A politically charged environment

Over the past half century, increased international competition and economic integration have led to some tangible positives: more efficient markets and an unprecedented period of global economic growth and prosperity, with millions of people around the world escaping poverty and earning a living wage. However, while the benefits of globalization have been shared broadly, there have also been costs, often concentrated, leading the world into a climate of increased nationalism and protectionism, particularly in the US and Europe.


Trade wars loom. The UK grapples with Brexit. In Italy, the populist Five Star Movement and League parties have formed a coalition government, leaving many to wonder what would happen if the Eurozone’s third largest economy was to leave the EU. Elsewhere – in Germany, Austria, Poland, and Hungary, for example – far-right parties have gained momentum.  Nearly everywhere, the conversation around nationalism and globalization has become highly politicized and emotionally charged. Business and industry will need to find ways to navigate this new environment.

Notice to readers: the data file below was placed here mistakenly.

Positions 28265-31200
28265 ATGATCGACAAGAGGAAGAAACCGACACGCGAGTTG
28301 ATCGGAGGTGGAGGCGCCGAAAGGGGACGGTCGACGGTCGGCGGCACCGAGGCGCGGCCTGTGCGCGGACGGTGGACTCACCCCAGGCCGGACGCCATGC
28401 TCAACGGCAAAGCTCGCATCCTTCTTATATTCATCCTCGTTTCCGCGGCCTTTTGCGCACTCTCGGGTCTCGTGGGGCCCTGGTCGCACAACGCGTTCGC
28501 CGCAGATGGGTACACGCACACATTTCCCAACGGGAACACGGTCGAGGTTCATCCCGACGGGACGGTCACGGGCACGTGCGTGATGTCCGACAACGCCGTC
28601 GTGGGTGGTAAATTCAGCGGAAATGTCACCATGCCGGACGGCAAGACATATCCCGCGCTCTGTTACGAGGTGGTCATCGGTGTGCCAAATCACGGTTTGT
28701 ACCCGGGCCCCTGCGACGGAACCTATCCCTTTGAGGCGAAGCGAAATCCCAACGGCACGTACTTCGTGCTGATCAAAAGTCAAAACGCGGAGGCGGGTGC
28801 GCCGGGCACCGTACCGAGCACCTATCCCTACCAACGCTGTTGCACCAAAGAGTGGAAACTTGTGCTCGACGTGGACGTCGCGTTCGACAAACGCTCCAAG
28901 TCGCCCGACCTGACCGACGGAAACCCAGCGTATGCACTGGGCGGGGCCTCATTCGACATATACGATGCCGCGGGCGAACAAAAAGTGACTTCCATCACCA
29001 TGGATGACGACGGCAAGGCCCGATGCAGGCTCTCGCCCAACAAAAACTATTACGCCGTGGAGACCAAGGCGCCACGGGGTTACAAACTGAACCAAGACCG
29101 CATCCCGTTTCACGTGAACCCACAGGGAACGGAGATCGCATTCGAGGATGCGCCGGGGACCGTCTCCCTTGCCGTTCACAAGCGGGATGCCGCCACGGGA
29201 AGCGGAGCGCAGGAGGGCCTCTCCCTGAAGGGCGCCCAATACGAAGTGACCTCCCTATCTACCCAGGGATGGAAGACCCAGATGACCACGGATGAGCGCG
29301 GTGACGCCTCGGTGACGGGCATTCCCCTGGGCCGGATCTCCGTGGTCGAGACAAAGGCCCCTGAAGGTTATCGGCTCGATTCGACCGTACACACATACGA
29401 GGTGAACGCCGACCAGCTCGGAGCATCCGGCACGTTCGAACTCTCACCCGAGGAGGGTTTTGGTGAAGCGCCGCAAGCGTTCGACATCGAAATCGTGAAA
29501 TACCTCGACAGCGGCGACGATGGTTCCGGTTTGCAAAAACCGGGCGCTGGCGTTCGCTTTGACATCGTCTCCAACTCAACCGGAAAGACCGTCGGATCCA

Whether it’s reevaluating the value chain or advocating for policies that ensure a competitive environment, companies will need to pay close attention to survive emerging shifts in a new world architecture.